“Young Artisans Dominate Meat-Ups” Says Crain’s
On a recent Saturday at Smorgasburg, the waterfront food market that has become an epicenter of Brooklyn’s artisanal food movement, Scott Bridi, 36, was demonstrating his creativity at $5 a pop in front of a small crowd. His medium: a slider-size rye bun delicately stacked with spice-encrusted pastrami, which, as the founder of the five-employee, 2-year-old charcuterie firm Brooklyn Cured, Mr. Bridi prepared himself.
“The beauty is that we’re taking raw material—the parts of the meat that aren’t prime—and making it extremely desirable,” he said, ticking off some of his other products: duck, rabbit and chicken garlic sausage.
While Brooklyn Cured was one of the few stalls trumpeting handmade sausages at Smorgasburg, roughly 60 of the 100 stands sold some variation of locally sourced meats. The entrepreneurs, most under 40 years old, represent a rising subset of New York City’s well-known artisanal meat industry, which took off a few years ago when independent butcheries like Marlow & Daughters and Dickson’s Farmstand Meats set up shop in Williamsburg and Chelsea, respectively.
Offering an alternative to prepackaged, commercially raised meat sold in supermarkets, these shops have “brought the interactive aspect back to chopping—the mental and emotional stimulation that comes from customers coming into the shop and getting customized orders of food that fits their lifestyle,” said Charlie Mirisola, 27, a Dickson’s employee who is helping to launch Gastrogladiators, a food-based social network aimed at competitive chefs, in the fall.
Mr. Mirisola is just one in a crowd of young entrepreneurs—former line cooks, waiters and even white-collar professionals—inspired by such shops to seek a lucrative niche tied to promoting locally raised organic meats, an estimated $538 million industry in the U.S., according to the Organic Trade Association.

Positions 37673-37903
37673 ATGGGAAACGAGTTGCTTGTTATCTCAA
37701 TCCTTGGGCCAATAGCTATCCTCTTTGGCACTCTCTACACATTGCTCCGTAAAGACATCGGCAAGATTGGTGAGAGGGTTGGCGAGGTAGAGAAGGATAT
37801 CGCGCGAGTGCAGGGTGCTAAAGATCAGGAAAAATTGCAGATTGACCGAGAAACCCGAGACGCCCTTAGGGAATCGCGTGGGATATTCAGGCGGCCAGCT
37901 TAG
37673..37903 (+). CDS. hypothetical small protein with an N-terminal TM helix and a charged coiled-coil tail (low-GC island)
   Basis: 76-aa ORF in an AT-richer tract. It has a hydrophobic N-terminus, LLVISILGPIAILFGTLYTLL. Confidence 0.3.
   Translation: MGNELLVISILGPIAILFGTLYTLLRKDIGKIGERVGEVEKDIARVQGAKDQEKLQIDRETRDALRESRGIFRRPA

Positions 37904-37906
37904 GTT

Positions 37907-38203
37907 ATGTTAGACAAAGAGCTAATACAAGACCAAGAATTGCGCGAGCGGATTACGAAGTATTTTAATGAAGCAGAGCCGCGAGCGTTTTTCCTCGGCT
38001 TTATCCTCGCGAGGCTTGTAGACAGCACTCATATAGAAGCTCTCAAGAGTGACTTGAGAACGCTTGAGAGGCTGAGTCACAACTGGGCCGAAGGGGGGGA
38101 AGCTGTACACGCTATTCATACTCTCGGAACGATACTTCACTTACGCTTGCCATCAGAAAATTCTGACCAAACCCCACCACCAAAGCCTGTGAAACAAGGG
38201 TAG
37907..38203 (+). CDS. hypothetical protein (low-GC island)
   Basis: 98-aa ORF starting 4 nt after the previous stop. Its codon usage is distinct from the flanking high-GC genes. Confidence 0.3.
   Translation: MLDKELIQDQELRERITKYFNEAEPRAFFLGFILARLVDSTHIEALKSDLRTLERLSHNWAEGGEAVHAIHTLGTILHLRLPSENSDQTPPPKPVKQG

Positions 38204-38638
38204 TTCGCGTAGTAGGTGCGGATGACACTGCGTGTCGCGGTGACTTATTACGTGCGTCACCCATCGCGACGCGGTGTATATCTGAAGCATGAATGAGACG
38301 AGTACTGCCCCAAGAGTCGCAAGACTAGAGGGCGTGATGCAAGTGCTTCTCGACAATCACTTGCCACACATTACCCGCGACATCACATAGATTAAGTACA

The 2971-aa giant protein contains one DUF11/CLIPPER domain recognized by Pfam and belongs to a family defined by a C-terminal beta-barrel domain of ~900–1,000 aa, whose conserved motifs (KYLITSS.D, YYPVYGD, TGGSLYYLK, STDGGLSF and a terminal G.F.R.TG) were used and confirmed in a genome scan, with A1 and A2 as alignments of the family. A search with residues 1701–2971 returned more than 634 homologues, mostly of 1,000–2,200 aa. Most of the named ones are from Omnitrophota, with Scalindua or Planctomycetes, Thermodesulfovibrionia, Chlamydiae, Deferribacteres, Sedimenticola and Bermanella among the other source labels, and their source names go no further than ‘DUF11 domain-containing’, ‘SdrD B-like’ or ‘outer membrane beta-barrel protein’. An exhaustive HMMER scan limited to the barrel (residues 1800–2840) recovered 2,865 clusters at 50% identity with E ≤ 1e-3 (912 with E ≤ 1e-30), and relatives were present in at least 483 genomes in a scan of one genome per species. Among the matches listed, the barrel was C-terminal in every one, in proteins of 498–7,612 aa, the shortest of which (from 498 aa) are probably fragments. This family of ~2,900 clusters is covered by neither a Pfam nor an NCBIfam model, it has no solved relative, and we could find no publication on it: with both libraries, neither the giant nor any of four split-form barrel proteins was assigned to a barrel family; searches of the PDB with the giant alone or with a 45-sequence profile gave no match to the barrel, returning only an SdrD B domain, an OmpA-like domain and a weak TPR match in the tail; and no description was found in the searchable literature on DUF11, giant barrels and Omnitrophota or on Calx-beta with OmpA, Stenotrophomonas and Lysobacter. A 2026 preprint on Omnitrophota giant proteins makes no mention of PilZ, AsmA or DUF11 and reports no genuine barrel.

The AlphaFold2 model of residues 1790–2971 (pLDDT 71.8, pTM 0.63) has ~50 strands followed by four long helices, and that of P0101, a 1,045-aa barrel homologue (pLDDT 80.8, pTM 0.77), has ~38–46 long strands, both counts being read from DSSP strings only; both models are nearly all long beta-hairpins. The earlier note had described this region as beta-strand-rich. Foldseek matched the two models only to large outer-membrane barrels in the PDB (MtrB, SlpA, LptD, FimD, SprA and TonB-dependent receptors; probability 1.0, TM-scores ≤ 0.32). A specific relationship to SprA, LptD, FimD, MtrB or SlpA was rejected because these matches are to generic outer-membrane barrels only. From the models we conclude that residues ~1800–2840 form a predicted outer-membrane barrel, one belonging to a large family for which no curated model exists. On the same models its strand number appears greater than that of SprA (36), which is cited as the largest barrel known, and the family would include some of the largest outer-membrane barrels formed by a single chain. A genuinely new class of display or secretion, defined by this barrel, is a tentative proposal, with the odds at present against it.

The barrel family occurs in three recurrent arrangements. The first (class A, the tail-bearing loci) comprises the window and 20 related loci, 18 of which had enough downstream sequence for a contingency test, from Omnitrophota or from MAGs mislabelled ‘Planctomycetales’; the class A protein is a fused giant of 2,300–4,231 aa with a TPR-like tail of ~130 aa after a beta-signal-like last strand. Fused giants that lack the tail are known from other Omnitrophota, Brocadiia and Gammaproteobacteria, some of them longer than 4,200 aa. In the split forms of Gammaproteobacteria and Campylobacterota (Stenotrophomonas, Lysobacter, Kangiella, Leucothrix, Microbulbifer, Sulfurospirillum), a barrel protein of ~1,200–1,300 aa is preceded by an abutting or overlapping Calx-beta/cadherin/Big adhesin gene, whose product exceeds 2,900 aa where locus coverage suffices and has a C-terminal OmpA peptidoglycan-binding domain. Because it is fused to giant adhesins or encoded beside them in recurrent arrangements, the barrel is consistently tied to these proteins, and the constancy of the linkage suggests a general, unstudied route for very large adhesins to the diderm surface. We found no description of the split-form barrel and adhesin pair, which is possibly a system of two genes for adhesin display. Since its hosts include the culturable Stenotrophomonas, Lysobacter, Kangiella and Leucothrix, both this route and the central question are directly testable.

Eric Demby, co-founder of Smorgasburg, said he had to trim the list of meat-centric vendors who wanted a presence at this year’s market. “We were too meat-heavy last year,” he explained.
‘Perfect storm’ for selling
New York, like the San Francisco Bay Area and Portland, Ore., offers the “perfect storm” needed for small businesses selling organic meat to thrive, according to Marissa Guggiana, co-founder of the Butcher’s Guild, a year-old professional organization for artisanal butchers.
“Certainly some of the most outspoken and known butchers of this movement are in New York, where there’s a large population of educated consumers near an agricultural area,” Ms. Guggiana said.
Of course, breaking even can be tough, especially when carefully sourcing meat to fulfill the exacting requirements of health-conscious customers. “It’s hard to make a living,” she said, “especially for the people who own their own shops—they are working on much smaller margins.”
Lots of customers
13% SALES GROWTH of locally raised organic meats in the U.S. from 2010 to 2011
But those challenges are not deterring young, energetic meat purveyors. Brooklyn Cured, which Mr. Bridi started after working with charcuterie at Gramercy Tavern and Marlow & Daughters, has found plenty of customers willing to pay a premium for its small-batch products. The company is profitable, and Mr. Bridi expects 2012 sales to be double last year’s roughly $150,000.
The company, which buys its meats directly from small farms in New Jersey, the Hudson Valley and Pennsylvania and from distributors of locally raised meat, has little overhead. Instead of running its own shop, Brooklyn Cured sells retail at five outdoor food markets and wholesale to gourmet food shops.
The face-to-face interactions with customers help Mr. Bridi tell the story of his foods and learn his customers’ tastes, which in turn inspires new products and fuels business growth. “The core of what we’re doing is making connections through awesome food,” he said.